Jesus simply grew on me. I figured out why religious people say that they are in love with him, an idea that sounded so pathetic to me before. I couldn’t think of anything else but him. Jesus was subversive, radical, hermetic. He was merciful with the outsiders and pitiless with the establishment. He was enigmatic, ironic, loving but not sentimental. He died in the most humiliating way to show how much he loved us, so that we could love him back.
In A Marginal Jew, the scholar John P. Meier writes:
“In Roman eyes, Jesus died the ghastly death of slaves and rebels; in Jewish eyes, he fell under the stricture of Deuteronomy: ‘The one hanged (on a tree) is accursed by God.’ To both groups Jesus trial and execution made him marginal in a terrifying and disgusting way. Jesus was a Jew living in a Jewish Palestine directly or indirectly controlled by Romans. In one sense, he belonged to both worlds; in the end, he was ejected from both.”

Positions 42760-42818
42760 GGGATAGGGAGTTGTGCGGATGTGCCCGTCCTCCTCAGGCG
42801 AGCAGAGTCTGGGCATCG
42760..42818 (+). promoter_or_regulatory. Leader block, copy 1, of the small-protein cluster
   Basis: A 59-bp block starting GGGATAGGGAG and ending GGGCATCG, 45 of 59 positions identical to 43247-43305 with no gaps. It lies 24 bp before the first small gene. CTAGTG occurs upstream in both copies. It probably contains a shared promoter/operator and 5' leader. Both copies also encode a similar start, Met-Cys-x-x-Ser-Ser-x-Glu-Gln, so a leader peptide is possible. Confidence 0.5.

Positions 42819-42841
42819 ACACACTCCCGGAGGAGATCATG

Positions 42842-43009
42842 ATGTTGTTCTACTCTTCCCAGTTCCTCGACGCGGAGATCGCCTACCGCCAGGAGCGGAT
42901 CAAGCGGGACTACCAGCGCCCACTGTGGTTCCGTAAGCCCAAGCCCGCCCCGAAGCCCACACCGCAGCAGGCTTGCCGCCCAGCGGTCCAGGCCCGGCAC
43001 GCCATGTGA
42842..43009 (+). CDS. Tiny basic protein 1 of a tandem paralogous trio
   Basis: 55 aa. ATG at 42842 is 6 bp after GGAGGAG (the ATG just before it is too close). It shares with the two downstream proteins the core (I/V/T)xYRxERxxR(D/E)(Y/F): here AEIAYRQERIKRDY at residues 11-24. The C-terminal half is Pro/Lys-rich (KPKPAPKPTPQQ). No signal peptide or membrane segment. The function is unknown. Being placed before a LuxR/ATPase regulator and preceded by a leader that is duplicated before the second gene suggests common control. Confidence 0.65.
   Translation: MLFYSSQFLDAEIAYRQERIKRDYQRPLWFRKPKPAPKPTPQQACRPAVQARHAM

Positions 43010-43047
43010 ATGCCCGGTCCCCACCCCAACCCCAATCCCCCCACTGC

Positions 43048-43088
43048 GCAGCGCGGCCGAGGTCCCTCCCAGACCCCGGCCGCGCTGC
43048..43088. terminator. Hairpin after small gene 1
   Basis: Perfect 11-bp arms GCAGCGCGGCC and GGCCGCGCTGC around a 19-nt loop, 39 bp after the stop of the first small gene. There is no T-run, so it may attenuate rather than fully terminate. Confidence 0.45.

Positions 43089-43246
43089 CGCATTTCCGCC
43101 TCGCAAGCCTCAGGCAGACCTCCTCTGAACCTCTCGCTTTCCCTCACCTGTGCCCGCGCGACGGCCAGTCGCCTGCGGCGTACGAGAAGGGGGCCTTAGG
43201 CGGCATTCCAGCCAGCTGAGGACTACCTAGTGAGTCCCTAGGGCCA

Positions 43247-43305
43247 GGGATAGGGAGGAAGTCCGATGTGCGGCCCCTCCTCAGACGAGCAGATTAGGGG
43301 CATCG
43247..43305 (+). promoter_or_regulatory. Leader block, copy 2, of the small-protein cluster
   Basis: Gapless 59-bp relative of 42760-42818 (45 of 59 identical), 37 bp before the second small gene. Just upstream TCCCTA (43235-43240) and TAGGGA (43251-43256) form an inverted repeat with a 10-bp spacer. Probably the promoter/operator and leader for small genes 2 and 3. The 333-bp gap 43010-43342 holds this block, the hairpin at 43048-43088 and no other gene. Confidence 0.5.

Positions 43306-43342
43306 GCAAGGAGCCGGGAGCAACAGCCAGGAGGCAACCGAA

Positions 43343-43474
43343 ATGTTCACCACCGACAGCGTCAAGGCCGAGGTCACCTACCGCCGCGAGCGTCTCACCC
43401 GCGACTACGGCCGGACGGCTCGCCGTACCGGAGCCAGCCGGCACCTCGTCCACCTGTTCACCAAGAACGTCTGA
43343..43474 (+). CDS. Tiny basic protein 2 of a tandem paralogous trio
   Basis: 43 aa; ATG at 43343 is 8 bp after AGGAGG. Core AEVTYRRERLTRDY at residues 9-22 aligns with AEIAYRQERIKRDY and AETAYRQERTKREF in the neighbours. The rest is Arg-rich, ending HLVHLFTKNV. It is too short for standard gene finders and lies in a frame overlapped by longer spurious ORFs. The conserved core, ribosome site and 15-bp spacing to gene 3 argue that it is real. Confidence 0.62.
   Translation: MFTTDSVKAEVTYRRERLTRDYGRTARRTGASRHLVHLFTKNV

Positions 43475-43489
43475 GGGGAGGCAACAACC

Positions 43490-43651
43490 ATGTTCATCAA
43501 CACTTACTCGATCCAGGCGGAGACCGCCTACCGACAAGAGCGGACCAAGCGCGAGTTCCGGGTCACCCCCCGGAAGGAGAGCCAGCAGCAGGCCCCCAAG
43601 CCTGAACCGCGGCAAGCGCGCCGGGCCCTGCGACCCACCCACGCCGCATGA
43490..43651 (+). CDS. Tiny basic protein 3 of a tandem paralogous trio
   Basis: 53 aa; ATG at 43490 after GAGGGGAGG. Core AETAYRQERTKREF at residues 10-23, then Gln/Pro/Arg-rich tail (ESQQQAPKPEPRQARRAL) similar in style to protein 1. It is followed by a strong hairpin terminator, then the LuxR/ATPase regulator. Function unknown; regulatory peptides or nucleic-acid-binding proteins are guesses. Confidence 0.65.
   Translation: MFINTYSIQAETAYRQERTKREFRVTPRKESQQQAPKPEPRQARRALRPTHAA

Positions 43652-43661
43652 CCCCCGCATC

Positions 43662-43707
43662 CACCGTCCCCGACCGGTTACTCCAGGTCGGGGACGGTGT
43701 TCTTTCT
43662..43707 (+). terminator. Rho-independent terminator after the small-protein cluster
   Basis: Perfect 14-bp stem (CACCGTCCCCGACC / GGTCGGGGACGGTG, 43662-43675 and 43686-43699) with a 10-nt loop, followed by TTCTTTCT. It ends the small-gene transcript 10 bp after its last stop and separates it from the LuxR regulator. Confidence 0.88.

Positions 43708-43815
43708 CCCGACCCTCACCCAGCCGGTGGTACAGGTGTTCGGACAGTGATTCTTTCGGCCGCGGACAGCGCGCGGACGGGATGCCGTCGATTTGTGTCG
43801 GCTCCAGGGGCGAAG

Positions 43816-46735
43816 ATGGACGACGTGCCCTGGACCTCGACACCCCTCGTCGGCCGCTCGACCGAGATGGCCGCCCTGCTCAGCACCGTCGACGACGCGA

Yet, two thousand years later, Christianity has spread in many continents and, with over two billions followers, is the largest religion on earth. On average, four books every day are published in the world about Jesus, and no other character in history is the subject of so many interpretations. Popular books come up with imaginative theories that are, nonetheless, based on facts, although these facts may have nothing to do with the real Jesus. Of course they engender a different kind of publication, designed to contradict their points of view. Pretty much the same thing happens among scholars, who constantly argue against each other, of course at a much higher level and about more reliable sources. However, if one reads these reconstructions one after the other, one realizes that many of them are nothing but works of fantasy, on which the authors project their own beliefs. My curiosity about the birth of the Church prompted me to read a lot about the subject, and my faith started to take form.